The Curious Incident of the Dog in the Night-time is a novel by Mark Haddon about a teenager with a disability and how his family deals with it. The main character is this novel is Christopher John Francis Boone and he has Autism. Although his disability is never actually stated in the book it is made quite apparent through his thoughts and actions. In some editions of the book there is a note on the back cover stating that Christopher has Asperger syndrome, high-functioning autism or Savant syndrome. He lives with his father in Swindon, England.
The novel begins with Christopher discovering his neighbours dog has been killed with a garden fork. This begins the mystery of who killed Wellington. Christopher decides to play the detective, solve this mystery and write a book about it along the way. Little does Christopher know, he will end up finding out some family secrets which will lead him to Wellington’s killer.
There is much more to this novel than the mystery of the dog. It explores how two parents deal differently with having a disabled son and how the mind of a person with Autism works. Christopher is a gifted mathematician and the novel includes maths puzzles and logic. The chapters of this novel are numbered only in prime numbers and each chapter alternates between action related directly to the mystery and a chapter on an unrelated aspect of Christopher’s life.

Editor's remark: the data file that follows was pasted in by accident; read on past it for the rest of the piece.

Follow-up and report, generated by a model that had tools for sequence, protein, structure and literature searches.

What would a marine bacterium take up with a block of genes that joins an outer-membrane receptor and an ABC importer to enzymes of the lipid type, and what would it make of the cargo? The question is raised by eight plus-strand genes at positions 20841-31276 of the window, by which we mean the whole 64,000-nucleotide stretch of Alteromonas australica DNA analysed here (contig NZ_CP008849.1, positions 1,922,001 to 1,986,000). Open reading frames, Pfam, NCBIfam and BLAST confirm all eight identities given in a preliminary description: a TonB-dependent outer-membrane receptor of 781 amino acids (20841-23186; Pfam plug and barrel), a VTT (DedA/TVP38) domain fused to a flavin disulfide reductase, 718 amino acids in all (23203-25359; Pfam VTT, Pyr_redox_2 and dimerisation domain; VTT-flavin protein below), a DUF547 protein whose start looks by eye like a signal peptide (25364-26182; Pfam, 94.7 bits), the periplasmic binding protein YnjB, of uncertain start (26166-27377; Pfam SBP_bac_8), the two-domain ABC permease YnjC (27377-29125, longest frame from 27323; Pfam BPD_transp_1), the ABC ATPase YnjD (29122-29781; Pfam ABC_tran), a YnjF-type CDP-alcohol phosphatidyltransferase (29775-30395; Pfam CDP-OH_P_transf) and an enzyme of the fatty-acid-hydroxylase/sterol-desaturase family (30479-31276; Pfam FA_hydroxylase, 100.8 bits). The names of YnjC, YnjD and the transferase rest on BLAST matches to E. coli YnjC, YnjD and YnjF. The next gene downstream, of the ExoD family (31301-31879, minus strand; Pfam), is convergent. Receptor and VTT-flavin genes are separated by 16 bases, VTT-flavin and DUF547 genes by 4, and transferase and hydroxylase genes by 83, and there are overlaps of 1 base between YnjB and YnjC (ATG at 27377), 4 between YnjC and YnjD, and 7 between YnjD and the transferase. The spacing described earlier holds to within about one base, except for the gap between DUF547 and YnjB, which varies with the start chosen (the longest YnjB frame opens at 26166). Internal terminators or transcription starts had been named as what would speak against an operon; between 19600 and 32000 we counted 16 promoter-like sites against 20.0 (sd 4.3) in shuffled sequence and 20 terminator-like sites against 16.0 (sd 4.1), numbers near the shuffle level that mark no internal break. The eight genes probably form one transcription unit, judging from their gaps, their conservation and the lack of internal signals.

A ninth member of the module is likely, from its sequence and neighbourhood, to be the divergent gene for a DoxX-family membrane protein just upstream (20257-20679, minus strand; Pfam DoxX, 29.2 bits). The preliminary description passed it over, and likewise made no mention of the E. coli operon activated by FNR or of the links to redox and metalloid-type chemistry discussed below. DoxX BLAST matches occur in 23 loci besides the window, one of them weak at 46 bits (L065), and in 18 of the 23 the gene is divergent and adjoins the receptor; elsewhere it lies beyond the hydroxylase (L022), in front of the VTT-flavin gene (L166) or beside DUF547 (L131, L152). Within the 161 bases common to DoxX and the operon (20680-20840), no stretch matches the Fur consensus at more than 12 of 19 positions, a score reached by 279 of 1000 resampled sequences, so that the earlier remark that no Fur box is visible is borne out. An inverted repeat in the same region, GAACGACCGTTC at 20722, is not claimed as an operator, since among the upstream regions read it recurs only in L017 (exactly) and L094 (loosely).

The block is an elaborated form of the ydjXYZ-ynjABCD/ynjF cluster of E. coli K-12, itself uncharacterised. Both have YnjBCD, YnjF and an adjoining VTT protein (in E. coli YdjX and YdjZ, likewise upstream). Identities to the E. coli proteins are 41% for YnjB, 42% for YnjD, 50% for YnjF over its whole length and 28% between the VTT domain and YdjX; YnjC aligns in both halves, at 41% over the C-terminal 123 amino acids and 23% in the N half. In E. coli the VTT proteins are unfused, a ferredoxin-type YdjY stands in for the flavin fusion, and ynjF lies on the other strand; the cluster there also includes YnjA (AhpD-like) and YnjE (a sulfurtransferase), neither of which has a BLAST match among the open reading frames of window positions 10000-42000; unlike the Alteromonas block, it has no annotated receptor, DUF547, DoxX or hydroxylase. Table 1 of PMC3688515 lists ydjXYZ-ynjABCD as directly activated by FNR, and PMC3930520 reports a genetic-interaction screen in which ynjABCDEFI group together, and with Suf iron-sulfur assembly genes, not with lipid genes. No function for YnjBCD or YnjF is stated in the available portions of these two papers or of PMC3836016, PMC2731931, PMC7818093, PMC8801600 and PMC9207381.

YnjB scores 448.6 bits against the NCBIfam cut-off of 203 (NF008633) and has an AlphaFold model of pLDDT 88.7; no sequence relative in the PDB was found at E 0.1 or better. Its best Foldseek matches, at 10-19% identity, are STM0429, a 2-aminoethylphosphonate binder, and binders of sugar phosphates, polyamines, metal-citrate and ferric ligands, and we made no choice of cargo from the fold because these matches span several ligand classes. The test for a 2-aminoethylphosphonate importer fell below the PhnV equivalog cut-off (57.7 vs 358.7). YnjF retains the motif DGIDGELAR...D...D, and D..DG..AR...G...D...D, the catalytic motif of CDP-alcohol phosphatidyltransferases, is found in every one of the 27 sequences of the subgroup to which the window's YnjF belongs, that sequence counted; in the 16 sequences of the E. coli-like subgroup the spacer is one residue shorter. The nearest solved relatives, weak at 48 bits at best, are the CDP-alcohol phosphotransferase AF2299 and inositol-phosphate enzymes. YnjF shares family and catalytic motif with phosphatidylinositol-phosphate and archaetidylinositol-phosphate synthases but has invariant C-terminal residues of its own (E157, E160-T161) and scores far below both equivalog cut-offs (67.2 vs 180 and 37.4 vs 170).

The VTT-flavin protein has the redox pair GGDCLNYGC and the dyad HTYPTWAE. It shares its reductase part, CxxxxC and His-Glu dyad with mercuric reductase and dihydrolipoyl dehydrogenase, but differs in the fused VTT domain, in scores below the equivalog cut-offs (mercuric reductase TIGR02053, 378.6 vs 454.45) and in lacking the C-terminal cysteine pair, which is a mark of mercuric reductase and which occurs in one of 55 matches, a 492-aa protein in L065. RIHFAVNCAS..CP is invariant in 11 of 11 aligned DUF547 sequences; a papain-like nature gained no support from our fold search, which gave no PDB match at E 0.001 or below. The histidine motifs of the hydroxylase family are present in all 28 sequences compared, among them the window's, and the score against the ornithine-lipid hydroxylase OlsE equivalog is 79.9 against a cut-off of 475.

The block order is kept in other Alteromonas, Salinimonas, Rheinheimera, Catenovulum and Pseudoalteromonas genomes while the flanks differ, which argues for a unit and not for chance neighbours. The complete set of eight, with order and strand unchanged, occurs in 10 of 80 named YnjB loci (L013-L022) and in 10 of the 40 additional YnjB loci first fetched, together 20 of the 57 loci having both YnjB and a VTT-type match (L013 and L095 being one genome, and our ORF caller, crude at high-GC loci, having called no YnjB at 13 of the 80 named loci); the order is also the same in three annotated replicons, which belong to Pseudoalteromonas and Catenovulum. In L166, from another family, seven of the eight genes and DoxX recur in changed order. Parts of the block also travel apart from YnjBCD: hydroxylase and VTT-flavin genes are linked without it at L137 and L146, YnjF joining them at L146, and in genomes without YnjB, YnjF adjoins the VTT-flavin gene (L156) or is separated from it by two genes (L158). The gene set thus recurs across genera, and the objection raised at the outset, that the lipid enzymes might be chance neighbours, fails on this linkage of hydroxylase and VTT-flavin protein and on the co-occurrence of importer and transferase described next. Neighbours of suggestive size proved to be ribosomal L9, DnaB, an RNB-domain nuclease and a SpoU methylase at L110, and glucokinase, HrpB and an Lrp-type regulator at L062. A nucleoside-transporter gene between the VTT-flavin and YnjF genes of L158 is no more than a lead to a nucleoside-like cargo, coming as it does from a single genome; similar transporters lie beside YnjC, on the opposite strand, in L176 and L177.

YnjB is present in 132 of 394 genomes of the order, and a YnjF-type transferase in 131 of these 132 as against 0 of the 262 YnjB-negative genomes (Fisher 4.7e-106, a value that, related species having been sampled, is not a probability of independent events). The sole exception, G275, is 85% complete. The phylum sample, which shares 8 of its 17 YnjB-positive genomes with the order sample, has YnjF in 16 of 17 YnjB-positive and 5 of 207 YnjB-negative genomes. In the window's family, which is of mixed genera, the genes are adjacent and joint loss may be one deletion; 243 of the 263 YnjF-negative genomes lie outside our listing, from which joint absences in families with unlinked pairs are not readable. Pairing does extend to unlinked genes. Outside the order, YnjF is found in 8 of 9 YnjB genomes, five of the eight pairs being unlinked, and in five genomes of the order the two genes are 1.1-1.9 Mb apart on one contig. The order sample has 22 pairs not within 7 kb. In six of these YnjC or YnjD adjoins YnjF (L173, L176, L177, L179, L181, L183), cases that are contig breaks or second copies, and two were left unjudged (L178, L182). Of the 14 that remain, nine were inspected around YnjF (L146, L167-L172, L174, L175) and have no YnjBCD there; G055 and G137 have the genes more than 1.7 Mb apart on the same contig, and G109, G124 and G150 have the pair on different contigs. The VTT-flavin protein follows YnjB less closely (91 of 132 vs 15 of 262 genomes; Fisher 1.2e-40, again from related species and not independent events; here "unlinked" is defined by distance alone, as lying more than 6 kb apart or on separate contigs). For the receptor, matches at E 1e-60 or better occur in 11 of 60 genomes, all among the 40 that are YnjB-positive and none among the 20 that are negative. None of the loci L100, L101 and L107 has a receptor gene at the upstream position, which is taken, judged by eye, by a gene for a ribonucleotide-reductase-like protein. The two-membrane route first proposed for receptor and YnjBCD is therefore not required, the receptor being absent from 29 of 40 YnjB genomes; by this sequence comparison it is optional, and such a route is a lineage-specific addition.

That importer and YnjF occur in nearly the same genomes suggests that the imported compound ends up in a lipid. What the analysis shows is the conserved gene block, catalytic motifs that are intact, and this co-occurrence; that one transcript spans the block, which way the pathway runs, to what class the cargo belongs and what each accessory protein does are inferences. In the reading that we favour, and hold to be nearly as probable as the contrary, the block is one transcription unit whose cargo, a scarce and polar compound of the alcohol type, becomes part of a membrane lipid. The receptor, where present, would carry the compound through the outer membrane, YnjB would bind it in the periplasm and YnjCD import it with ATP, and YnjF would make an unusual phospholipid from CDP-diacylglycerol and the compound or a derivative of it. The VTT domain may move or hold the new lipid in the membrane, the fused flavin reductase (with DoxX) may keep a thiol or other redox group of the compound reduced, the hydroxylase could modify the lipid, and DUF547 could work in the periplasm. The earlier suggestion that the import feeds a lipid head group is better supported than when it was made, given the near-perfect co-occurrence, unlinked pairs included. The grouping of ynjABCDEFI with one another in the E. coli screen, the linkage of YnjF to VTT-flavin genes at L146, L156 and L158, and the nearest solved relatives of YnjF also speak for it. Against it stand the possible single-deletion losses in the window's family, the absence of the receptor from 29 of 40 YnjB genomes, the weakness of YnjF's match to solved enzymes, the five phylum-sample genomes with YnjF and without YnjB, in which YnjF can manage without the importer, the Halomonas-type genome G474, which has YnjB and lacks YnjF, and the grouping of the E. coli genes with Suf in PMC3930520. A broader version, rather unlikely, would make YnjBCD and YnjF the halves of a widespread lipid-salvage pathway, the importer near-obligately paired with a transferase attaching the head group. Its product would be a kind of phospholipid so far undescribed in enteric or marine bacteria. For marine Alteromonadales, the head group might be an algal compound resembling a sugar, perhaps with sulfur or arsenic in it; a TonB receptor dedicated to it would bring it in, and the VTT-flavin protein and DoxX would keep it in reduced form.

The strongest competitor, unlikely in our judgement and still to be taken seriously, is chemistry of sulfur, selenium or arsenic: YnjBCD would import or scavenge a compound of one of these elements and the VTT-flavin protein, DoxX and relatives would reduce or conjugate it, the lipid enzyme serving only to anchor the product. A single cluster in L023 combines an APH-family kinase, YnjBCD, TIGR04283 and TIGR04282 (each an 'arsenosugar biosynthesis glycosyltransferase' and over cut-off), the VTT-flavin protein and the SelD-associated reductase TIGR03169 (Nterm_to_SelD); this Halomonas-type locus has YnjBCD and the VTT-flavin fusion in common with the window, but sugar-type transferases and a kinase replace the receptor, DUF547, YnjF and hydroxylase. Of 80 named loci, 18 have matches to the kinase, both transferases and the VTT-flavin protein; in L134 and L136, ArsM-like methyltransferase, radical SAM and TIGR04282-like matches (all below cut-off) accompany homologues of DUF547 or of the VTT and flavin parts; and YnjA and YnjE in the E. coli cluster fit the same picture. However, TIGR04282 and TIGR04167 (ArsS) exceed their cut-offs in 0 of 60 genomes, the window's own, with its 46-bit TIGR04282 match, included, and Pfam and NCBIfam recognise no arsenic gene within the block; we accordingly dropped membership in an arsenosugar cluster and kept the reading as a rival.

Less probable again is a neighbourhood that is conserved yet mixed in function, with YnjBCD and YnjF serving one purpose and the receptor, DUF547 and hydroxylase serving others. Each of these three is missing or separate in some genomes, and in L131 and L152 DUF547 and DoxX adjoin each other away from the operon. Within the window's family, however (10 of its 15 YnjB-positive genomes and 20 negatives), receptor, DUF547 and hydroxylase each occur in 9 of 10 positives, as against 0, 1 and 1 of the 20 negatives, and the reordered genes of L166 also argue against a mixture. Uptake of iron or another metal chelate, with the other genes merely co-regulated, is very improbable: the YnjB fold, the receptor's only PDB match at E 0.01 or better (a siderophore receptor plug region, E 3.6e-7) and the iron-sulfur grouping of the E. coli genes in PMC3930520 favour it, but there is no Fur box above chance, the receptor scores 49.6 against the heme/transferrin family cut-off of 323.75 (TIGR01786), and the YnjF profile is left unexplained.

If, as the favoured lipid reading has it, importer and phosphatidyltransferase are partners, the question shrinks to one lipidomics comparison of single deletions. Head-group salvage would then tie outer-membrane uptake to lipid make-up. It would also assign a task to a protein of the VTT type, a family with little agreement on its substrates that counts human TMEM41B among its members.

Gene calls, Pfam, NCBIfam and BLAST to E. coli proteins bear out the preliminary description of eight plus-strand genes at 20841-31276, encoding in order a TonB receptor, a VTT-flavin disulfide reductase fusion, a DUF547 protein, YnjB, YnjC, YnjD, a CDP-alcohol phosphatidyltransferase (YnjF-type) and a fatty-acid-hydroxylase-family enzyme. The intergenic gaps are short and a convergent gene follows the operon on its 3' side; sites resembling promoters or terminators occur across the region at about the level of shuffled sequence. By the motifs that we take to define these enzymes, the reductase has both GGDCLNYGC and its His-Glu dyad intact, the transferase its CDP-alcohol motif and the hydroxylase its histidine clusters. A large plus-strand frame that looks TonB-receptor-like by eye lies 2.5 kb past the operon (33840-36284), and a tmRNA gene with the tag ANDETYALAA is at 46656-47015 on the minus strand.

Christopher is a very touching character that really makes the reader feel how hard it must be to live everyday in a world where you just can’t process all the information coming at you. It shows how simple messages and emotions that we all understand and take for granted, can seem alien and confusing to those living with Autism, and can be quite distressing. That said, this novel is easy to read and accessible for many different levels of readers. It is suitable for young teenagers to adults.
This novel was printed in 2003 and won the 2003 Whitbread Book of the Year and the 2004 Commonwealth Writers’ Prize for Best First Book. It was also a joint winner of the 2004 Boeke Prize.